Strong, strategic moves are vital to successful expansion in the multiconcept game, but none of it matters if you don’t have passion for your concepts. Those were the lessons shared at the recent MUFSO conference in Dalals by executives representing four dynamic multiconcept companies: Cameron Mitchell Restaurants, Front Burner Restaurants, Uncle Maddio’s Pizza Joint and Mooyah Burgers and Fries.
There are two keys to growth, said Scott Goodrich, v.p. of field operations and support for Atlanta-based Uncle Maddio’s Pizza Joint. “You have to have the food right. It has to be perfect and it has to be a ‘wow.’ But you also have to have passionate employees, passionate crew members and passion on the executive level. The passion to serve is what makes it all work. Unfortunately, in many companies it’s the general managers who are not passionate.”
To overcome that at Uncle Maddio’s, Goodrich said, 30 percent of a g.m.’s pay is based on top-line sales.
For lower-level staff, surprisingly, compensation is not the main motivator, Goodrich said. He cited a survey done a few years back that asked hourly employees in the quick-service and fast-casual sectors why they picked their employer they work for and what makes them stay. The top answer, he said, was opportunity, not compensation. The people who work for you want to know they have a future, he added. There appears to be plenty of opportunity at Maddio’s based on its plan to expand into 18 states with close to 100 stores by the end of next year.
Mooya Burgers and Fries has experienced steady, smart growth over the last seven years by taking care of its franchisees, who in turn take care of employees. Rich Hicks, president of Mooya, echoed Goodrich’s about managers. “We ask our front-line people to smile, be genuine and deliver a great experience to our employees, but we often fail as leaders to do the same for our employees,” he said.
Mooya has an exclusive relationship with Aramark to provide burgers and fries at 70 restaurants on four college campuses. Next year it plans to expand to six colleges with 100-plus operating locations. The key to it all, said Hicks, is to keep it simple for franchisees: don’t overly complicate the operating process to give them the best shot at being successful.
Randy Dewitt, the c.e.o and founder of Dallas-based Twin Peaks, concurred, but said the key to success these days is to have a “highly differentiated” concept that makes it unique.
“Anything that you’re going to create now has to be narrow and unique. The idea of mass appeal in casual dining is over,” he observed. One of the ways he differentiates Twin Peaks, a mountain-themed sports bar concept, is by operating a scratch kitchen at all of its units, which will total 68 by year’s end. “The emphasis on fresh, delicious food has to be there, and it has to be better than someone would make at home.”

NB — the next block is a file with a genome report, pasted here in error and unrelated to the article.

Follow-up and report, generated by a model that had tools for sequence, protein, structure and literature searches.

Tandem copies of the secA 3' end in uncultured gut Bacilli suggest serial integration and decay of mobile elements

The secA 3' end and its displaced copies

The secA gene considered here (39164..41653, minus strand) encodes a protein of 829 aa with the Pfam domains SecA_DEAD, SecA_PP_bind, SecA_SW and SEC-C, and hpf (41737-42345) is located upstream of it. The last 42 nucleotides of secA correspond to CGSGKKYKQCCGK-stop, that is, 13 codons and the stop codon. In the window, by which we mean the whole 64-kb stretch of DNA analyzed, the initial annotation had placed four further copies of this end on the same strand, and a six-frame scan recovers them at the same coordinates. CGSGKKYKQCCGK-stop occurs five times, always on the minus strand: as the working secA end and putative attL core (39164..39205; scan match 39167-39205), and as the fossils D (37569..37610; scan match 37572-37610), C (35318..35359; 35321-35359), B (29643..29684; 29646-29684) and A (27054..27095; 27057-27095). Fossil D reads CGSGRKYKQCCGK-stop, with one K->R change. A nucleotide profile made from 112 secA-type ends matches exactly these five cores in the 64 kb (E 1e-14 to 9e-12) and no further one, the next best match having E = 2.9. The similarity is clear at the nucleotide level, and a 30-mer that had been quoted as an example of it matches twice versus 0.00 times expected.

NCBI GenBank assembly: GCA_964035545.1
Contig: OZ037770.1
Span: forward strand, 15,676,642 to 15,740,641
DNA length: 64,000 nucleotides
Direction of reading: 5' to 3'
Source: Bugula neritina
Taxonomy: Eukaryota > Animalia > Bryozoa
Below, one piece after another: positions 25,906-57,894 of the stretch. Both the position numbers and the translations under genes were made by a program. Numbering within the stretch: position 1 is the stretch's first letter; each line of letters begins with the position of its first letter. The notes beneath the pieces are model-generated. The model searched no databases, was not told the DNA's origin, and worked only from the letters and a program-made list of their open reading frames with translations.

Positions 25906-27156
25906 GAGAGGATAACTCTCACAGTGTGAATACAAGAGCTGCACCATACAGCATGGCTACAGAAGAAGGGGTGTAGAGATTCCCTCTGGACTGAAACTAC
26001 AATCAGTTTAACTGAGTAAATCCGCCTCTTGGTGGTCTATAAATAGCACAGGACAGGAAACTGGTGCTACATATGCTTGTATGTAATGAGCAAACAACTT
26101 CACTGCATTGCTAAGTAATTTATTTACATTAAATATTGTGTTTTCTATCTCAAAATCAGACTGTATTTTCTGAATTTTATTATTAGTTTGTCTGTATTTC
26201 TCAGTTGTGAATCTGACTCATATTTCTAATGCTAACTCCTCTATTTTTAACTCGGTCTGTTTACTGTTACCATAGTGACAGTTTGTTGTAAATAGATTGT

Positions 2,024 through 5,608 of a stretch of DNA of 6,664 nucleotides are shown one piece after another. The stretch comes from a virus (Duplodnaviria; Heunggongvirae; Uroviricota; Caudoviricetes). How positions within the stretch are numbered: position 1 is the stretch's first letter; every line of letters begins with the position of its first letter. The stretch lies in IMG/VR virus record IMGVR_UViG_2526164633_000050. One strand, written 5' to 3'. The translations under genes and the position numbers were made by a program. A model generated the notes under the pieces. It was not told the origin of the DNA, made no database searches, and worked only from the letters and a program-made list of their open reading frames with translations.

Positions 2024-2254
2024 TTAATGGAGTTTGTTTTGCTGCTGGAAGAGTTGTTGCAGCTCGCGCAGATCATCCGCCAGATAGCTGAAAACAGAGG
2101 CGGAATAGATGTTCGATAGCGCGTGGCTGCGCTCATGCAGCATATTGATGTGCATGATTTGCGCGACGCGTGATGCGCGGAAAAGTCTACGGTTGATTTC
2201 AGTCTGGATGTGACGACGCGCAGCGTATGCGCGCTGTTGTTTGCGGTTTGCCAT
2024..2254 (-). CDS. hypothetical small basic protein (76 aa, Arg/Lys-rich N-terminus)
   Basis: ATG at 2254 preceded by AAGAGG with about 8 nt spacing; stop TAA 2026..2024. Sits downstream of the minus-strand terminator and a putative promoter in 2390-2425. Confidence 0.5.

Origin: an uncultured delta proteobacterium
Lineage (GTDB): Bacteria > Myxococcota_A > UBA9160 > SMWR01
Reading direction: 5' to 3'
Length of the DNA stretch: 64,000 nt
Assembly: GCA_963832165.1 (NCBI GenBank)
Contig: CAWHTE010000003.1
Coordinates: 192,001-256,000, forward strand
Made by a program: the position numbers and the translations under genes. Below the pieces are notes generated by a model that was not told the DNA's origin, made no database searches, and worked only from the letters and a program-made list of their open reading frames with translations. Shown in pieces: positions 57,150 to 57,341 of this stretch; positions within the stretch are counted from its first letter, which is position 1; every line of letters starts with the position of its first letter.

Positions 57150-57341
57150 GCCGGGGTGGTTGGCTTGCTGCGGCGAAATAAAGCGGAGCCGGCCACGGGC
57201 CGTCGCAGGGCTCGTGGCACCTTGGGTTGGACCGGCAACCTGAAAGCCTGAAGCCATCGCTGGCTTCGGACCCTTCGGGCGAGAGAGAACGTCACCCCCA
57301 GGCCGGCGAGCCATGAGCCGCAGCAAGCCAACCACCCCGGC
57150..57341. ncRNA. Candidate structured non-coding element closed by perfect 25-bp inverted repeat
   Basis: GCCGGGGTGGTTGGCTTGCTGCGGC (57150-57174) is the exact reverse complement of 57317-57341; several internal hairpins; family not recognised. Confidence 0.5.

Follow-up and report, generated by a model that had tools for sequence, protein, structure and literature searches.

Partner with the right franchisees
Dewitt, whose Front Burner Restaurants company operates six other restaurant concepts, said the key to Twin Peaks’ success is finding existing restaurant properties that have failed and remodeling them. A vast majority of its units are remodels. “Ground-up development has never been more expensive and the really good sites are typically occupied by another brand,” he noted. The real estate people in his company “stay close” to the real estate departments of larger, mature restaurant brands to quickly negotiate for units they’re closing down.
Dewitt said he will only partner with franchises who have a passion for the brand. “If someone is not into sports and doesn’t like to drink beer and hang out in a place like Twin Peaks, then they shouldn’t be in the business of being a franchisee.
Another tip for successful expansion, Dewitt observed, is to know who your customer is and use that info to select real estate. Twin Peaks, for example, is a meeting place where it’s not unusual for a table of four to have four customers who drove separately to the restaurant to watch a sporting event. Because of that, he said, it’s vital to find places that have plenty of parking.
Cameron Mitchell, the president and founder of Cameron Mitchell restaurants, said the four divisions of his Columbus-based company include a special brands division with 13 different concepts. Most of the concepts in that division will not be duplicated. And he sold two growth concepts—Mitchell’s Fish Market and Mitchell’s Steakhouse—to Ruth’s Hospitality for $92 million in 2008. Not a bad strategy for expansion.
His two biggest growth vehicles now are Ocean Prime and Rusty Bucket Tavern. Ocean Prime’s 11 locations average $7.3 million in annual sales. He likens the concept to a Capital Grille. Rusty Bucket is an upscale tavern concept with 18 locations, primarily in affluent suburbs. Mitchell’s goal is to expand that brand to 50 units over the next four or so years. Either of the brands could produce another big-time payday some day to another big company in search of a new brand to buy.
Meanwhile, Mitchell said his catering division has proven to be a cash cow as well. The “premier events” it produces generate about $10 million annually. And he added that he can no longer “resist” the temptation to get into the fast-casual arena.
Whatever Mitchell, Dewitt, Goodrich and Hicks do in the future, you can be sure it will be done with plenty of passion.